My unease grows when Coates turns to the poetry. As I’ve said, I admire his reviews a great deal; he’s normally an excellent critic. So I’m surprised that, to my ear, his readings here seem tone-deaf. In ‘At Lullington Church: To My Daughter’, Coates hears a ‘ham-fisted reference to the historical falconry of Yeats’s “The Second Coming”, another poem written by a high church Protestant with dreams of pure nationhood ruled by aristocracy, who also gravely feared the unclean, unholy masses “slouching toward Bethlehem”.’ Maybe; but Coates misses or ignores allusions to the medieval Corpus Christi Carol, in which ‘the falcon has borne my mate away’. Martinez de las Rivas goes to such lengths to make this allusion plain that he mars the sonnet form by tagging on the Carol’s ululating refrain, ‘Lully, Lulley, Lully, Lulley’, brought to mind by the similarity to Lullington. Medievalism is conservative in some senses, but not necessarily fascistic. Near the end of his album Grace, Jeff Buckley segues from the Carol into the noisy anti-racist song ‘Eternal Life’. William Morris was a socialist who loved medieval art and the English countryside. Allusions to falconry don’t spell the ‘dream of a white nation’ unless one reads that in.

These are small but cumulative points about interpretation; I want to turn now to argumentation, and Martinez de las Rivas’s essay on Clemo and Sisson. Coates quotes the first sentence:

In the last few years, ‘radical’ as an epithet in poetry has come to be shorthand for a very particular kind of writing: politically submissive to Marxist dogma, syntactically committed to what is now termed the ‘interrupted lyric’, historically associated in the UK with the Cambridge School, and metaphysically derived from a range of post-structuralist continental thinkers.

Coates claims that this lacks a ‘solid referent’ (as if language works as simply as that!) and any account of the following issues:

who uses ‘radical’ in this way, who is writing this kind of poetry, what evidence he has that they are Marxist, what being ‘politically submissive’ to Marxism means in practice, which Marxist ‘dogma’ in particular they are submissive to, what it means to be ‘syntactically committed’ to anything, who has used the term ‘interrupted lyric’ and about whom…

The full list of questions goes on for almost the same length again; the answers – which could be adduced – would add up to a monograph. Coates’s main complaint, though, is that ‘you, and most certainly subscribers to PN Review, probably know exactly who he’s talking about’, and that ‘[w]hile I sit here puzzling through his word salad, he and those sympathic [sic] to his airy generalities have already won’. Basically, that Martinez de las Rivas is using rhetorical skulduggery.

Was Martinez de las Rivas underhand in not giving us the book-length account of the avant-garde Coates desires? Was I, as his editor, remiss in not putting to him similar questions? I think not. He was doing what people always do: arguing from premises the audience will, at least provisionally, agree with. Aristotle called this the enthymeme, and made it central to his theory of rhetoric (used non­pejoratively). When I say that people always do this, I include myself and Coates, as when he jokes, ‘I keenly await critiques from those conservative critics who complain of there being excessive “politics” in the poetry of marginalised authors denouncing Martinez de las Rivas’ explicitly ideological agenda.’ No names need be named; the gesture is enough because his readers ‘probably know exactly who he’s talking about’. Let me be clear: I am not saying this is illegitimate; it is the normal way of working with one’s audience. But as a consequence, I think it’s wrong to find evidence there of bad faith and the naked will to power. Coates may find Martinez de las Rivas’ argumentation ‘wild’, but it strikes me as no less wild than his identification of ‘a committed neo-Georgian ruralism’ with outright fascism.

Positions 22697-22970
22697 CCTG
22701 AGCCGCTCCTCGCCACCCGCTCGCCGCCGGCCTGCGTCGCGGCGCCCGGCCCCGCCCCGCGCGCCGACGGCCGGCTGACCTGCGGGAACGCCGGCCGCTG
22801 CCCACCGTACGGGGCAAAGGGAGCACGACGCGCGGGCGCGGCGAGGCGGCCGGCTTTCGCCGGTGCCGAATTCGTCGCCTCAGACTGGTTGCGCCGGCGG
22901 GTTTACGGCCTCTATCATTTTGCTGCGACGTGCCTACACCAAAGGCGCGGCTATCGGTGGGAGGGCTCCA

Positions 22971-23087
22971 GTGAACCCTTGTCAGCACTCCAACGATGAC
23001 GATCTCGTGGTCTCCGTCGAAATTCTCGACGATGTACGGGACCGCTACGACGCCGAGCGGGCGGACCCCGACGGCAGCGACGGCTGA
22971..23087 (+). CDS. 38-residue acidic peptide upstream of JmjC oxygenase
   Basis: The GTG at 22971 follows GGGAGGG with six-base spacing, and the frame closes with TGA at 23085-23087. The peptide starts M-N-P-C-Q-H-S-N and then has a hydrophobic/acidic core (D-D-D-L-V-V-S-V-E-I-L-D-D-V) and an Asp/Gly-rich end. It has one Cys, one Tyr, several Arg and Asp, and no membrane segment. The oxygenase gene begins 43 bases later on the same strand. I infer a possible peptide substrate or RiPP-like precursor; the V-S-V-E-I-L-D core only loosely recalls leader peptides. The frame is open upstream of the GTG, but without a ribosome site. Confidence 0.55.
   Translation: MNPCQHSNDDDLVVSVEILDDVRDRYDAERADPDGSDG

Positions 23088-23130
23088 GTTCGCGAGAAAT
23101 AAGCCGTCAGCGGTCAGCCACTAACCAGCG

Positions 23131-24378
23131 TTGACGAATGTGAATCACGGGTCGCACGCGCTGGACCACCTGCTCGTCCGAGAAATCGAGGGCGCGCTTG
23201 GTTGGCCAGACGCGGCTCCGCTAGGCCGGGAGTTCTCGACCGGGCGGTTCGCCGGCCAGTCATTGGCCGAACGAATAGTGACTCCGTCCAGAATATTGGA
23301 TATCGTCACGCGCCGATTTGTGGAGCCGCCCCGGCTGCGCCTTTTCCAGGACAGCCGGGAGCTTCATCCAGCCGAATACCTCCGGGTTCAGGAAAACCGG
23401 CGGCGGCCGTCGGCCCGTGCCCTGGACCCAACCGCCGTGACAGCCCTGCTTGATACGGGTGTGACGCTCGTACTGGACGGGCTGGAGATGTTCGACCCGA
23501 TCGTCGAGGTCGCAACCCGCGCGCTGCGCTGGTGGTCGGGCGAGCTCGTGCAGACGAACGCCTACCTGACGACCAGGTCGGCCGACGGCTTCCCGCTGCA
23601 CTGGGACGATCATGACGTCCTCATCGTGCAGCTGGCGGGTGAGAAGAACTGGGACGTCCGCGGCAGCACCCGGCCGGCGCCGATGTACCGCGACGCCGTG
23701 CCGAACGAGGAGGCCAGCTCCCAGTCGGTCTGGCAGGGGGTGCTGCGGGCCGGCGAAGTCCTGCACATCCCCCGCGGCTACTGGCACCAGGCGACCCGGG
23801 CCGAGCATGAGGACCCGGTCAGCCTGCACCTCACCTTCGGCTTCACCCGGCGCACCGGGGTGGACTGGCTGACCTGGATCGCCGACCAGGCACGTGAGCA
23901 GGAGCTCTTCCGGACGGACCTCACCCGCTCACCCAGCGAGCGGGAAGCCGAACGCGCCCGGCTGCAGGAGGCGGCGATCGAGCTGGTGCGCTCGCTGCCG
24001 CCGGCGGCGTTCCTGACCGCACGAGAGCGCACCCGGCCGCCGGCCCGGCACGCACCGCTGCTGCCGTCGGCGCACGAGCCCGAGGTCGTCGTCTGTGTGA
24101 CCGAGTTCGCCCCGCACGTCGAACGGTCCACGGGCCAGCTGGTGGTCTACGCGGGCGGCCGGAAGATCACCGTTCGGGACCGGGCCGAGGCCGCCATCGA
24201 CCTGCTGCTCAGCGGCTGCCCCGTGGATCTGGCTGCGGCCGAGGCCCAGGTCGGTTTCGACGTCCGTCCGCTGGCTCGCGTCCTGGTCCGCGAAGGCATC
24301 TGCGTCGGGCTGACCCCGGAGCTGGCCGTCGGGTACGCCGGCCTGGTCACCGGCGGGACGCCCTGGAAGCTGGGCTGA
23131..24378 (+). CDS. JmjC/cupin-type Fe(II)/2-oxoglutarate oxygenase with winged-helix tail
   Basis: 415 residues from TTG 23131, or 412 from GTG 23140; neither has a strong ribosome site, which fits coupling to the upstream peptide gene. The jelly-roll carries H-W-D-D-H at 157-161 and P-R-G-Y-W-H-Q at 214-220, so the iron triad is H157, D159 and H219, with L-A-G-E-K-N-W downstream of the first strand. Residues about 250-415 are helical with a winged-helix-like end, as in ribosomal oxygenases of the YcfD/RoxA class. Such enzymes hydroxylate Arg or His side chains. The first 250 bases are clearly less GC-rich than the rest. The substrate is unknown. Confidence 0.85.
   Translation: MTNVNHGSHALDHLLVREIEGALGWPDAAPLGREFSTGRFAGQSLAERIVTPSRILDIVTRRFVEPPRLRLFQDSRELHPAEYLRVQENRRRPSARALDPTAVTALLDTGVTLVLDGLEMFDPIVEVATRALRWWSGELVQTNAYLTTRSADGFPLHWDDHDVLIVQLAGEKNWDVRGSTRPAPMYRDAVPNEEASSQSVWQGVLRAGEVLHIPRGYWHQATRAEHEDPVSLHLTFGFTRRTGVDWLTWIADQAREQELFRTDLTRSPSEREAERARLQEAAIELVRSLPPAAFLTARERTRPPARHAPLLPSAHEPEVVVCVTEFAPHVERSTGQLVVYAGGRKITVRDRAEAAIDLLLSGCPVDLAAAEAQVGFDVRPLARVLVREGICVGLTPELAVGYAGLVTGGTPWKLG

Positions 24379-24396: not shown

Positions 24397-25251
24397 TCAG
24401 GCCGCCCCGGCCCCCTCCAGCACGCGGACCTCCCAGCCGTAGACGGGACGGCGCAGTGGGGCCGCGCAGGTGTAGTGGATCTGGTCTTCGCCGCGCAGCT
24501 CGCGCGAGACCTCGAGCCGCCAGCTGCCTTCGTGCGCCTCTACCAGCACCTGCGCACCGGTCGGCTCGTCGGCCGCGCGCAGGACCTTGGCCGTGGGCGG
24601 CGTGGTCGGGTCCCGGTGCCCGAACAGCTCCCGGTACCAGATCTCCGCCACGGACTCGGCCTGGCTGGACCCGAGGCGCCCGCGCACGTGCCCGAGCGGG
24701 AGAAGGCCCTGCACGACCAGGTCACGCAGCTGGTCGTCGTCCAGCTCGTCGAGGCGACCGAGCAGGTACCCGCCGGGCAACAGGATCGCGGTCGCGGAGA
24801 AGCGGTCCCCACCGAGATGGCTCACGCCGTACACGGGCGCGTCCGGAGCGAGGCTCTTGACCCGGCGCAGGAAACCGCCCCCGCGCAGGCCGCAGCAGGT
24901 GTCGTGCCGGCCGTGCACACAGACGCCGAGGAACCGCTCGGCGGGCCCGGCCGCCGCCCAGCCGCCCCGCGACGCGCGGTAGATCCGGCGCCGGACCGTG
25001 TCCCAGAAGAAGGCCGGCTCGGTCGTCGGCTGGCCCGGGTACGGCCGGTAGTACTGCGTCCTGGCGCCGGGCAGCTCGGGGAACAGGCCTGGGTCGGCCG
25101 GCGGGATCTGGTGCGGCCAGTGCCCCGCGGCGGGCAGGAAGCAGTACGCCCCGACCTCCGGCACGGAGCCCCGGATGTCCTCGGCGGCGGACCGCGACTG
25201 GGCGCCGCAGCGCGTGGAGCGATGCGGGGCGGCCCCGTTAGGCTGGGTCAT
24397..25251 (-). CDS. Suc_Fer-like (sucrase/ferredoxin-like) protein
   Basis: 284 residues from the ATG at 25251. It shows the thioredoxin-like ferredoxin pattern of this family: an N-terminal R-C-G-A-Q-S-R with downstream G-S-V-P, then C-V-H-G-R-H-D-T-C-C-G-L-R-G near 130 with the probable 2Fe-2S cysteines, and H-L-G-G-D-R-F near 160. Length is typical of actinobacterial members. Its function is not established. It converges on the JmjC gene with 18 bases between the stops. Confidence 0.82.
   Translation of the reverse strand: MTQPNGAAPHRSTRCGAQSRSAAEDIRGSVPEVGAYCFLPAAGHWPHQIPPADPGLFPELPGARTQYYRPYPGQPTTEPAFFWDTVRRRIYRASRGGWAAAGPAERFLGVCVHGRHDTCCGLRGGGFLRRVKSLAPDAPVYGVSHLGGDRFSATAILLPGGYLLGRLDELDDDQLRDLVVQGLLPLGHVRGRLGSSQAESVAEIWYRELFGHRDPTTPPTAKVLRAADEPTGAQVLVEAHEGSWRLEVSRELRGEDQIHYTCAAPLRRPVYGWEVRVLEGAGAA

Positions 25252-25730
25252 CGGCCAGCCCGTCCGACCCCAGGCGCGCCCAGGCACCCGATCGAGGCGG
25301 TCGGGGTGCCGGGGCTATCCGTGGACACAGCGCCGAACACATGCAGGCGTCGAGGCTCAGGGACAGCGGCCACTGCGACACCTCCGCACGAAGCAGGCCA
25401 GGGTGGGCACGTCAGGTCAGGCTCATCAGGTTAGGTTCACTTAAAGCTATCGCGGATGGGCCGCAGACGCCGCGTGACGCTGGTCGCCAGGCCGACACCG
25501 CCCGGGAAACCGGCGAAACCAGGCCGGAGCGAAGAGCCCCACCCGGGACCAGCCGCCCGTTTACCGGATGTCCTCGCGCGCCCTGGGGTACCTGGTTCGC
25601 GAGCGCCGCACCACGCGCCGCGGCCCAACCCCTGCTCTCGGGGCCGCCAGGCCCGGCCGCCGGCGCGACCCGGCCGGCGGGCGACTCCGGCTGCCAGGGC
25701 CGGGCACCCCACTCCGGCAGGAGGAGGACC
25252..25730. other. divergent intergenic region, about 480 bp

I’ll grant Coates a point when he asks of Martinez de las Rivas, ‘if desiring right-wing politics in art is an unbreakable taboo, how did you just break it?’ The tactic is weak because it withstands so little scrutiny. But I find it less worrisome than Coates’s closing gambit. He concludes, ‘There will almost certainly be people who read this essay and see nothing but conspiracy theory and speculation, rather than a series of red flags, the visible residue of a totalising ideology. That is fine. If that is where you are right now, I was never going to convince you.’ In a nutshell, this means ‘if you don’t agree with me, you are already beyond redemption’. For all his appeals to ‘messiness and compromise’, this manoeuvre is itself totalising: it excludes the possibility of reasoned, respectful disagreement, which democracy relies on and which I’ve tried to articulate. (I’m not claiming left-wing ideology is ‘totalising’ in the sense he means it, or that socialists are the real Nazis; I’m saying that, just there, Coates betrays himself into totalising rhetoric.)

Martinez de las Rivas clearly has some conservative tendencies, and I don’t question Coates’s right to criticise that ideology – in fact I applaud the work he’s done, for instance, in highlighting the imbalance of representation in poetry reviewing. But he has not convinced me that Martinez de las Rivas is a fascist whose ‘vision would necessarily entail… cultural cleansing, mass deportation, [and] genocide’, and it doesn’t serve democracy, or poetry, to paint him as one.

This article is taken from PN Review 244, Volume 45 Number 2, November - December 2018.



Readers are asked to send a note of any misprints or mistakes that they spot in this article to editor@pnreview.co.uk